Published daily by the Lowy Institute

What a partial internet shutdown would mean for PNG

While the downsides of Facebook are obvious, it is not clear that a temporary ban is the answer.

Photo: Adam Berry/Getty
Photo: Adam Berry/Getty
Published 5 Jun 2018 

Debate arose in Papua New Guinea last week over comments made by Communications Minister Sam Basil about the possible imposition of a month-long ban on Facebook. This partial internet shutdown, according to Basil, would allow the government to conduct research on the use of anonymous accounts to spread fake news, pornography, and misleading information.

Evidence shows that most partial or full shutdowns of internet access are enforced by regimes aiming to suppress freedom of expression. So it was unsurprising that Basil’s comments, first published in the Post-Courier newspaper, received global attention and provoked significant opposition in PNG.

Basil later claimed that the Post-Courier report was misleading. He argued that the temporary ban was one option among many being considered by the government to address what he had described as an abuse of the platform. The Post-Courier was quick to defend its story, stating that the Minister’s quotes were reported accurately.

It is difficult to estimate the impact of the proposed temporary ban. Statistics show that only about 12% of the PNG population are internet users, and the number of Facebook users is likely smaller still. However, Facebook plays a major role in information sharing in PNG. A ban would certainly affect the ability of this small yet influential population to share news and information.

Growing distrust of local media, including allegations of bias and a lack of critical reporting on government issues, has pushed many users towards social media, where information leaks and critical viewpoints are shared. Unfortunately, reliance on social media leaves many vulnerable to fake news and misleading information. While the downsides of social media are obvious, it is not clear that a temporary ban is the answer.

The motives and intentions behind the government’s suggested ban are similarly unclear. But so are details of the research it wishes to produce, and how exactly any ban will be enforced.

At the technological level, although the PNG Government doesn’t have a central filtering system, it could require all internet service providers (ISPs) in the country to restrict access to the addresses of Facebook’s servers. This would be an unpopular decision from a business perspective – social media use accounts for a significant portion of data traffic which ISPs charge customers for.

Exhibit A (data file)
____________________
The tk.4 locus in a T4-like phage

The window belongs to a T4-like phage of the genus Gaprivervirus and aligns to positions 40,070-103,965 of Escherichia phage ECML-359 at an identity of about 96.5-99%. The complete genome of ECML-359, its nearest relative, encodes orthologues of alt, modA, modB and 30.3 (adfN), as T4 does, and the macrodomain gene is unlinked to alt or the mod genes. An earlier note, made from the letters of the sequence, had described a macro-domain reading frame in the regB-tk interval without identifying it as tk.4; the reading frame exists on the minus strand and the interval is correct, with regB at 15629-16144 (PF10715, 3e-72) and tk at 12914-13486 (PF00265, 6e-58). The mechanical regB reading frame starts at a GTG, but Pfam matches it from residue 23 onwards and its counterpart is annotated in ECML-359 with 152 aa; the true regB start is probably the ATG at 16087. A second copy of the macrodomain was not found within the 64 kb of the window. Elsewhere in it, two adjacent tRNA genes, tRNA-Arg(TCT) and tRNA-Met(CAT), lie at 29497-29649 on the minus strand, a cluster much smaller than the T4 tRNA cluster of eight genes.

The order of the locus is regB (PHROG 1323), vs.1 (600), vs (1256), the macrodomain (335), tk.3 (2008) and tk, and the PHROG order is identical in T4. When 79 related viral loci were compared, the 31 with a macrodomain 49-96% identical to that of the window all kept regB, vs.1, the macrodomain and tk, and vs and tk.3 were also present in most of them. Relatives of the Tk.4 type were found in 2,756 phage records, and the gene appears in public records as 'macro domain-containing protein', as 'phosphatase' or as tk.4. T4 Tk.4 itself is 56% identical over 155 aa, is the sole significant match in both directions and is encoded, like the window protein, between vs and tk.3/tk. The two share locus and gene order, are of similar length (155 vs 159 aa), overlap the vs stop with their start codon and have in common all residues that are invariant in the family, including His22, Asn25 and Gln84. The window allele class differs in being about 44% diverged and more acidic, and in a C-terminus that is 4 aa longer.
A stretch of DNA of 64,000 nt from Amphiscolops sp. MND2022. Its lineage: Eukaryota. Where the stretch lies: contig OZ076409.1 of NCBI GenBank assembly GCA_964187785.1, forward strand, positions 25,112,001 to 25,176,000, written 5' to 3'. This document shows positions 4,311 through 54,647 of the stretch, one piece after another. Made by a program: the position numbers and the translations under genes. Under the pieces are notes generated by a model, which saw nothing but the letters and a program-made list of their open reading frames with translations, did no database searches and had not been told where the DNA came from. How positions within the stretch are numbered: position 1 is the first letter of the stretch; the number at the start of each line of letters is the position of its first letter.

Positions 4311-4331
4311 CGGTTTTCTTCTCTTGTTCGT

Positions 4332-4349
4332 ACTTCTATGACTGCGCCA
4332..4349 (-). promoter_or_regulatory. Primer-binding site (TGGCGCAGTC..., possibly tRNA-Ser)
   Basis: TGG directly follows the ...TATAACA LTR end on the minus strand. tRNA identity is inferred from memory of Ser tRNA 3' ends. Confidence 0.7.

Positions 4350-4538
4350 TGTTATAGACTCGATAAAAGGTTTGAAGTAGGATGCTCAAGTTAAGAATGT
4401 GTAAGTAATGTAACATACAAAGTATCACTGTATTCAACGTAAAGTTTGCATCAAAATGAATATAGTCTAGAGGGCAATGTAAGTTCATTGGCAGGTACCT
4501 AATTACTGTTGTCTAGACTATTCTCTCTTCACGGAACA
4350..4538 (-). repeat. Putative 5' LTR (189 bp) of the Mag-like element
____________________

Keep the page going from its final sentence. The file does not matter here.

There are many easily accessible ways to bypass internet filtering despite a government ban. And the public will likely use other social media platforms, including those which host and share the fake news and illicit material the government says it is looking to curb. It is also hard to imagine that the available expertise and resources in PNG could produce the desired research within a month.

Basil had claimed that government agencies were working alongside the state telecom regulator NICTA and the National Research Institute (NRI) on this research. However, according to a spokesperson speaking to the ABC, NRI had not received any such request from the government. Member of the Opposition and Madang MP Bryan Kramer, a vocal critic of the government, also questioned the methodology of this on his Facebook page, asking “how does one shut down a platform to carry out research on it?”

Kramer also highlighted one of the main concerns regarding the proposed ban – censorship under the guise of user protection. Prime Minister Peter O’Neill’s People’s National Congress government has previously faced similar accusations related to the controversial cybercrime bill passed soon after foiled demonstrations in May 2016, largely coordinated through social media, during which University of Papua New Guinea students were shot. That Kramer was later referred to the parliamentary privileges committee for strong criticisms posted on Facebook only adds to this sense of concern.

Later in the week, Basil stated in parliament that he had not set a date for the possible Facebook ban, and that it was mere speculation to suggest it will coincide with November’s APEC Leaders’ Summit in Port Moresby. He added that if advice derived from the research suggested that a complete ban was the right option, then the government would not hesitate in doing so.

A complete ban of an important, if imperfect, platform would be a serious impediment to freedom of expression, and all but confirm speculation that the ban was merely censorship under the guise of user protection.

Given the public backlash to Basil’s comments, not to mention the international coverage it has received, it is difficult to imagine the PNG Government following through with such a heavy-handed decision. The current opposition is the most vocal in recent years, and the O’Neill government will wish to avoid showing vulnerabilities in the lead-up to APEC.

If the government is serious about protecting its citizens online, then creating an environment where they can safely use the internet should be the goal, not blocking parts of it altogether. If they are serious about fighting misinformation, the government should focus on creating more transparent pathways for verified information to reach the media and public. Without transparency there will always be opportunities for merchants of misinformation to exploit.

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